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Post  Dick Russ Wed Jun 15, 2022 12:37 pm

As you may recall I mentioned we had just finished our CDDT (Countdown Demonstration Test) on July 2, 1969 which was our full dress rehearsal prior to the actual Countdown. We then progressed to the Dry test where the Astronauts would actually climb aboard the Apollo 11 Spacecraft. At this time there was no propellants on board the Saturn V. It was just to allow our Astronauts the opportunity to perform sequence tests as in the actual launch. At the completion of the dry test we went into our countdown which was scheduled for a July 16 lift off. All of the Launch team was assembled in the control Center on July 15 to start the countdown. It was now around 9:00AM and Boeing had just finished loading the S-1C Saturn V first stage with the RP-1 Fuel and oxygen. George Knudsen and I were on our consoles in the control center loading the Hydrogen Propellant and Oxygen when I noticed a rise in the pressure above our limit and I had to terminate the countdown. This was not a pleasant task since NASA considers that we are ready for launch and to scrub the launch a day before Launch was serious since we had a window for launch and to put a hold on the launch costs over a Million dollars a day and if we didn't launch on July 16, we would not have another window until September. I advised the Launch Conductor that we had a roughing regulator failure in our SDD 181 system and we needed to pull the regulator and replace the failed seat. Our down time would be at least 6 hours before we could come back on line. So everyone in the control center was put on hold.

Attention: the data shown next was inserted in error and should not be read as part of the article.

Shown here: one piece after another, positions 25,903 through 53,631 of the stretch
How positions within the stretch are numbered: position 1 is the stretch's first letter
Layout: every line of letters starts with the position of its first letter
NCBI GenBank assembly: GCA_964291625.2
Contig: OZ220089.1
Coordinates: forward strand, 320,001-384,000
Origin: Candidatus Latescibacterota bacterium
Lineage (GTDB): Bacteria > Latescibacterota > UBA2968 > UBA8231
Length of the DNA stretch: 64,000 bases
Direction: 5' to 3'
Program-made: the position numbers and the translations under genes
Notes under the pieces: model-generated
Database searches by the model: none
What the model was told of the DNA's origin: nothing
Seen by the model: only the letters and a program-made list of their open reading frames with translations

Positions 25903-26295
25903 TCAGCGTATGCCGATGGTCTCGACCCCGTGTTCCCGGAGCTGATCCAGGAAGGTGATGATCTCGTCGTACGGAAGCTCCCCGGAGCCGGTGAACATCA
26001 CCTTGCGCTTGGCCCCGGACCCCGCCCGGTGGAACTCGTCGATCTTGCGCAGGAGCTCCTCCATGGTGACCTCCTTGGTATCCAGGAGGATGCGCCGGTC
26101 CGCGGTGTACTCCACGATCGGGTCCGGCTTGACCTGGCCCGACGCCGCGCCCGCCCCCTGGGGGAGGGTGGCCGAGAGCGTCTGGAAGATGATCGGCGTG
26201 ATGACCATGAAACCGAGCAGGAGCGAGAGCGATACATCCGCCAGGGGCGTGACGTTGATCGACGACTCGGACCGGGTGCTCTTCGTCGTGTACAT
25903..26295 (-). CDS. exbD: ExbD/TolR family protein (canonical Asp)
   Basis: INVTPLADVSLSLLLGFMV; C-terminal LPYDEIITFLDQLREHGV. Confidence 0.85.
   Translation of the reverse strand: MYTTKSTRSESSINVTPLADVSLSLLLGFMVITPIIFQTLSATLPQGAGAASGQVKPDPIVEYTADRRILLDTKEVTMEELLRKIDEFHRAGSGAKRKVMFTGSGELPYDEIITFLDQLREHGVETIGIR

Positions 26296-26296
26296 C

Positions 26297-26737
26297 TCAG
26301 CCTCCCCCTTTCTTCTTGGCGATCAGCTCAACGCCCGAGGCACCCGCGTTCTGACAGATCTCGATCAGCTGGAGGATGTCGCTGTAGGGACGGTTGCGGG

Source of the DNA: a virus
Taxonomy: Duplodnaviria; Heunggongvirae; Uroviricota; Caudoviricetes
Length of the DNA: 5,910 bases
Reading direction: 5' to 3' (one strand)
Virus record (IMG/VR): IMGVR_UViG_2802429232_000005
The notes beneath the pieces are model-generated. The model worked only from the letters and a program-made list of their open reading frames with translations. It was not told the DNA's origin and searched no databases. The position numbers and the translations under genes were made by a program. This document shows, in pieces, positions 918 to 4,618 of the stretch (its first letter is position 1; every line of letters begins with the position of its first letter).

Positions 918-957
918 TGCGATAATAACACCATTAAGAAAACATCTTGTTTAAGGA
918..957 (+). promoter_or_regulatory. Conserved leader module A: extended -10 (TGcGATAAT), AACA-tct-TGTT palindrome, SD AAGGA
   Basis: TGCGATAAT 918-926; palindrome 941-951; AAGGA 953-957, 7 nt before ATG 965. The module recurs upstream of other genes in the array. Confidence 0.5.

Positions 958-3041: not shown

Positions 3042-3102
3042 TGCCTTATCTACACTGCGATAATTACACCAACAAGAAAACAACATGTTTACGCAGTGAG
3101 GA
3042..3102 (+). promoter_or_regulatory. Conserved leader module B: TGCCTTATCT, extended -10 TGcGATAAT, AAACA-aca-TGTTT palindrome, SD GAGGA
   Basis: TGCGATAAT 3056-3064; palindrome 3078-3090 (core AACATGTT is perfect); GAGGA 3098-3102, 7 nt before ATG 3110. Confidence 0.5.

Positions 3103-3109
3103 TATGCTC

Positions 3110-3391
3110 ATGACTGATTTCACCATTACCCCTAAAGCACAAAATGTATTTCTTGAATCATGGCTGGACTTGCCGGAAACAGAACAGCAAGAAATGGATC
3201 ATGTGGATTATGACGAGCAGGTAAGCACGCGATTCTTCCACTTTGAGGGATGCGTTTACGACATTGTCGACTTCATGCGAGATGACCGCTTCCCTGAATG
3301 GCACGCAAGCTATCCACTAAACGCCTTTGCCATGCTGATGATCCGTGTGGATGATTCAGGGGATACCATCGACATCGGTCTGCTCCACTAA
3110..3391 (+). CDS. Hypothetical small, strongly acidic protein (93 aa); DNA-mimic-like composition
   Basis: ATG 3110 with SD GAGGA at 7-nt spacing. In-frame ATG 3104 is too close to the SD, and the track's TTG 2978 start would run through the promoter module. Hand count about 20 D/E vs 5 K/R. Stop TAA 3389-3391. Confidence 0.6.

I contacted our technicians and quality control and we headed out to PAD 39A to start the removal of the regulator. Now appreciate that the regulator is deep inside the SDD181 and requires removing plumbing and components just to gain access to the 25 pound regulator. From start to finish we were looking at least two hours. It was now around 11:00AM when the technicians had the regulator removed and we all left the launch tower and headed for the clean room in the VAB (Vehicle Assembly Building). When we arrived at the clean room which has a dressing room for donning the clean room coveralls which we had to wear prior to entering the actual clean room. We all had to change into our white nylon suits and be Vacuumed off individually. There was actually four of us; two technician, one quality control inspector and myself the engineer in charge. The technicians immediately started disassembly of the regulator and sure enough the Kel-F-90 seat(seal) was cut. Prior to this I had sent a technician to the parts department for a replacement seat. The technician came back and advised me that we had no seats in stock. In theory this was an actual catastrophe. With no replacement seat the launch to the moon would be scrubbed (terminated). I did not want to scrub the launch or even tell the Launch conductor we did not have a replacement part. Remember I said I had the new VESPEL seat that VACCO Industries gave me to show my superiors what we were going too once NASA signed the Engineering Approval form. Unfortunately that had not been done prior to launch.